Fort Worth Prairie Park & Rock Creek/Lake Benbrook Complex
A Regional Grassland Park for all of North Texas
A National Epicenter for Ecological Health
Once completed, the Prairie Park will be a springboard for prairie restoration and Ecological Health across the Great Plains and the country.
Location: Southwest Fort Worth
Current size: 944 acres of 10,000 year old, old-growth Fort Worth Prairie on the backdoor of 7.5 million people
Goal: Expand and save as much nearby or adjacent native Fort Worth Prairie as possible before development takes over. This is the last stronghold of native Fort Worth Prairie, a unique ecosystem that was once 1.3 million acres, and is now one of the rarest ecosystems in North America.
“I was born on the prairie, where the wind blew free and there was nothing to break the light of the Sun… and where everything drew a free breath.”
~ Parra Wa-Samen (Ten Bears) of the Yamaparika Comanches, Treaty Speech of 1872
“Sooner or later, I want to be able to tell people that I helped make it better for the buffalo,”
~ Michael, a 15-year-old urban Fort Worth youth and longtime Great Plains Restoration Council Plains Youth InterACTION™ participant
The Fort Worth Prairie Park is older than the birth of civilization itself, yet fresh and alive as if born this morning. Our human ancestors grew up nourished by the fruits and beauty of this land. With your help, we will save what’s left for all future life.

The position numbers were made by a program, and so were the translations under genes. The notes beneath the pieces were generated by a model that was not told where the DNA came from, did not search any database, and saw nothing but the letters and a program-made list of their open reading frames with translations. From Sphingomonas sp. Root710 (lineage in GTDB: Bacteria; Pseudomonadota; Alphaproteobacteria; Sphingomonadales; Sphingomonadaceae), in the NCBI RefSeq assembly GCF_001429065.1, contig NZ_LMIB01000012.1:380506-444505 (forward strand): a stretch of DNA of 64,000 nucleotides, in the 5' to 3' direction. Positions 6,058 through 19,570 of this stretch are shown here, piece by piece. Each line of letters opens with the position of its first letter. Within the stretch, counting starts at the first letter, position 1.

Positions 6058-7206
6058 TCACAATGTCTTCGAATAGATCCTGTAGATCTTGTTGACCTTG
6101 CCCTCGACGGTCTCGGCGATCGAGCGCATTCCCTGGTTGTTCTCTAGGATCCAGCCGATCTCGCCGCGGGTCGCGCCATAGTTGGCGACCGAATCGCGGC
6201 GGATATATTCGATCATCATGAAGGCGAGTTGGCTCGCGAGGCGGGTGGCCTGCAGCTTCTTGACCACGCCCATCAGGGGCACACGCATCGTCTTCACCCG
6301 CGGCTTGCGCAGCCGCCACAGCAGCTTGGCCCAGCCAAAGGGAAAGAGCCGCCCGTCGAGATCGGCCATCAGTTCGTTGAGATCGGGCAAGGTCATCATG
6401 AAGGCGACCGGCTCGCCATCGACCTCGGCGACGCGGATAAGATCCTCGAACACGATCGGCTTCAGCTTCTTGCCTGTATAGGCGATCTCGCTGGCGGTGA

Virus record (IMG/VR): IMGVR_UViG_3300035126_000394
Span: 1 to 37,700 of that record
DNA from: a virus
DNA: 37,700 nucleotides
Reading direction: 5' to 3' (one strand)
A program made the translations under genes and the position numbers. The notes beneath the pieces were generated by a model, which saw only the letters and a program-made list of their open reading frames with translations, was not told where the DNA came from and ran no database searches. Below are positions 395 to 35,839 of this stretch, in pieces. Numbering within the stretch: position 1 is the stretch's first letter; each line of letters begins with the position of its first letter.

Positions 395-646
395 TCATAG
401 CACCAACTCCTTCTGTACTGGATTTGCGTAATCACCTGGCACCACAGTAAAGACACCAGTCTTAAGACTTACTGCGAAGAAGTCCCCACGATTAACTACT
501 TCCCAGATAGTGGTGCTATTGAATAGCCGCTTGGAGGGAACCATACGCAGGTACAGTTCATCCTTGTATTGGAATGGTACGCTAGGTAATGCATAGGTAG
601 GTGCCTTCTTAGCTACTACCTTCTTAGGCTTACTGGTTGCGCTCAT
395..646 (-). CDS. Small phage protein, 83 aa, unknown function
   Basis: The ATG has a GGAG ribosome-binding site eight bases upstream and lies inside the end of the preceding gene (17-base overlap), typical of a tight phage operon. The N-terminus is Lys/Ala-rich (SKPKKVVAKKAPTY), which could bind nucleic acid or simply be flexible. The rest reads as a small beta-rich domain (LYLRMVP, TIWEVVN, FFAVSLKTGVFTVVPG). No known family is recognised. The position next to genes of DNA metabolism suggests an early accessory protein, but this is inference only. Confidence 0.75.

Preservation • Teaching • Healing • Capital Campaign • Facts
- The Fort Worth Prairie Park (FWPP) is a “Where the West Begins” cultural gateway for the growing prairie/plains restoration movement across
the Great Plains. It is rooted in the Buffalo Commons thesis, which was famously proposed by Dr.’s Frank and Deborah Popper in 1987 to stimulate a rebirth of the Great Plains by finding new ways for people to live with and alongside the land and each other.
- The FWPP is a wild prairie in southwestern DFW on the backdoor of 6
million Metroplex residents. Easily accessible, it highlights and preserves a remnant of the beauty and wildness of original North Texas prairie, while allowing people a respite from their daily routine by experiencing nature without having to travel to Colorado or New Mexico as many are accustomed.